Graphic images: Police warn dog owners to keep pets on leads after sheep attacks

Police have released graphic images of sheep that have been attacked by dogs to warn pet owners of the need to keep pets on leads while around livestock

By The Newsroom
Wednesday, 14th October 2020, 2:58 pm
Landowners are entitled to shoot dogs they believe are worrying livestock.
Landowners are entitled to shoot dogs they believe are worrying livestock.

The incident took place between 9am and 6pm on Monday, September 28, when a dog attacked sheep in a field in Barnwell Road, Thurning near Oundle – killing one and injuring several more.

Officers from the Force’s Rural Crime Team are reminding owners that they have a responsibility to keep their pets under control, and dogs chasing livestock can legally be shot dead by farmers.

Northamptonshire Police’s Wildlife and Rural Crime Officer, PC Abbey Anstead, said: “Whether you’re a farmer or pet owner, the death of an animal is devastating, but all of this is completely avoidable if people walking dogs keep them on a lead and under control around farm animals.

Northamptonshire police have released the images after the dog attack

“This simple measure is part of responsible dog ownership, helps to protect pets and livestock alike, and means everyone can enjoy our beautiful countryside both safely and responsibly.”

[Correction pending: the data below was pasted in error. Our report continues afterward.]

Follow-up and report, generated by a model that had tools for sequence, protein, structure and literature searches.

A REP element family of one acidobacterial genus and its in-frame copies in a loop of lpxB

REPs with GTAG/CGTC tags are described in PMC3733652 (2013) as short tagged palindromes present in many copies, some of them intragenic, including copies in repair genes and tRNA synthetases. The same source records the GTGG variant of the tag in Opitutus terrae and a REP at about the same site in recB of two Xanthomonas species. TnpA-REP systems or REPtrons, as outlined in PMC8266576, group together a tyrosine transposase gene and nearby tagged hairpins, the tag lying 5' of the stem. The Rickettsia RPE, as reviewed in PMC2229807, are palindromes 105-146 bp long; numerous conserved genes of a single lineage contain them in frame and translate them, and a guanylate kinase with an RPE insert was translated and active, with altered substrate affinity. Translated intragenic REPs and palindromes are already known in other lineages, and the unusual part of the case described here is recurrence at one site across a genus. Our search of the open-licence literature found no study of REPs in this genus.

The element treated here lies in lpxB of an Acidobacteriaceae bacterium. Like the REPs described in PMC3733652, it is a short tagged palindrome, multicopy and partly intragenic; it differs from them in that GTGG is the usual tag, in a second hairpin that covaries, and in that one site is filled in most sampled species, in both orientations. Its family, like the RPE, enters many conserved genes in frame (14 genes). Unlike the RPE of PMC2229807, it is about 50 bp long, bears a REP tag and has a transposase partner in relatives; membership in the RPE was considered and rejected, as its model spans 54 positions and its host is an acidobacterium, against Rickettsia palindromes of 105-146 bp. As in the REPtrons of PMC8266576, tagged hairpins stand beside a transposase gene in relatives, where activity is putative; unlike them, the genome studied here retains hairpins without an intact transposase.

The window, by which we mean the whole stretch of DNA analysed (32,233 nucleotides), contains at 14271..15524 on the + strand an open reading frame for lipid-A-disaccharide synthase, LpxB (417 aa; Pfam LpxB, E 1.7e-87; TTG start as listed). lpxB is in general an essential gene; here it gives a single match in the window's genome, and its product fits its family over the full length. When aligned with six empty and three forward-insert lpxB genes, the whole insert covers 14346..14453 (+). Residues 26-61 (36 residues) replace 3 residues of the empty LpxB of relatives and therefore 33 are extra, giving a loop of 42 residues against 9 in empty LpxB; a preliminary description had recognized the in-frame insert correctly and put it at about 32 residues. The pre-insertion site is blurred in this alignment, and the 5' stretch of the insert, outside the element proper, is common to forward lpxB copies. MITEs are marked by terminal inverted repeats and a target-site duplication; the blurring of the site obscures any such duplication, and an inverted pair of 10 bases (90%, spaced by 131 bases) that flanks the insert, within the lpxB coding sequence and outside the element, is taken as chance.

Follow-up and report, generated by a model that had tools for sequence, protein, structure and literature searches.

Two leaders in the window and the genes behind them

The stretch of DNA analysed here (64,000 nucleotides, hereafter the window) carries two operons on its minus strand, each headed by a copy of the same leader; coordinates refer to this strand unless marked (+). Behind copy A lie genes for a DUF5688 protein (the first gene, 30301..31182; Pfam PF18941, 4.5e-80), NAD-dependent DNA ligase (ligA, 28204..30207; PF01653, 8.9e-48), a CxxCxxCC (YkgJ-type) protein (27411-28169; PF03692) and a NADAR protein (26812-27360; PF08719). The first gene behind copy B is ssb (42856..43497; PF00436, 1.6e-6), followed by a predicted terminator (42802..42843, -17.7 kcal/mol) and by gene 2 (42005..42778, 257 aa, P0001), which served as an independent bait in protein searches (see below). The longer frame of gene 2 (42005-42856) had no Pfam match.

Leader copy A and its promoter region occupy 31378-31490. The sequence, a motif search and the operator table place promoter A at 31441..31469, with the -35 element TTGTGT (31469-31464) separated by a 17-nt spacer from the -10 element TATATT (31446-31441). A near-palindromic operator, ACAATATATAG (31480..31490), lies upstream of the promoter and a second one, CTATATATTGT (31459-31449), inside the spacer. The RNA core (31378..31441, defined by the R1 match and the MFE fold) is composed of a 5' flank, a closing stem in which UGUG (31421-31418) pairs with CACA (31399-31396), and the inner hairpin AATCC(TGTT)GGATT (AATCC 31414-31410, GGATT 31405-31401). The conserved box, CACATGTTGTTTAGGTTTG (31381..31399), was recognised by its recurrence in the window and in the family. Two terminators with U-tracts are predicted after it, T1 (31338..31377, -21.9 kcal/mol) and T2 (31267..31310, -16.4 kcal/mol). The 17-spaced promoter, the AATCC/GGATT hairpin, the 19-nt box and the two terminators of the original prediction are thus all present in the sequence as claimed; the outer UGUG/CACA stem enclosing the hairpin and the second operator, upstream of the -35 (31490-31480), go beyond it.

Anyone with information or who may have witnessed this incident is asked to call Northamptonshire Police on 101 quoting reference number 20000511628. Or alternatively, call Crimestoppers anonymously on 0800 555 111.

Tips for safe and responsible dog walking around livestock:

• Keep dogs on a lead and under control when walking through fields of livestock

• Always stick to public rights of way and leave all gates as you found them

• If you live beside land where livestock is grazed ensure you know where your dog is at all times, and keep your property secure so your dog cannot escape

• Cows can be curious and may follow walkers. If this happens, keep facing the animal and move calmly and slowly, don’t turn your back to it or run

• Steer well clear of young animals and do not try to pet them. Cows and calves will be protective and may become aggressive

• If you feel threatened by cattle when with a dog, let go of the lead so you and the dog can get to safety separately

• Dog owners MUST bag and bin their dog’s poo - it carries a parasite called Neospora which causes abortions in animals and the bags left on the ground can be ingested and cause slow painful deaths, or bailed into silage and eaten that way

Incidents of livestock worrying should be reported online to the police or by calling the non-emergency 101 number. If the dog is in the process of worrying livestock and cannot be stopped, please call 999.

Anyone who shoots a dog to prevent livestock worrying must notify the police within 48 hours.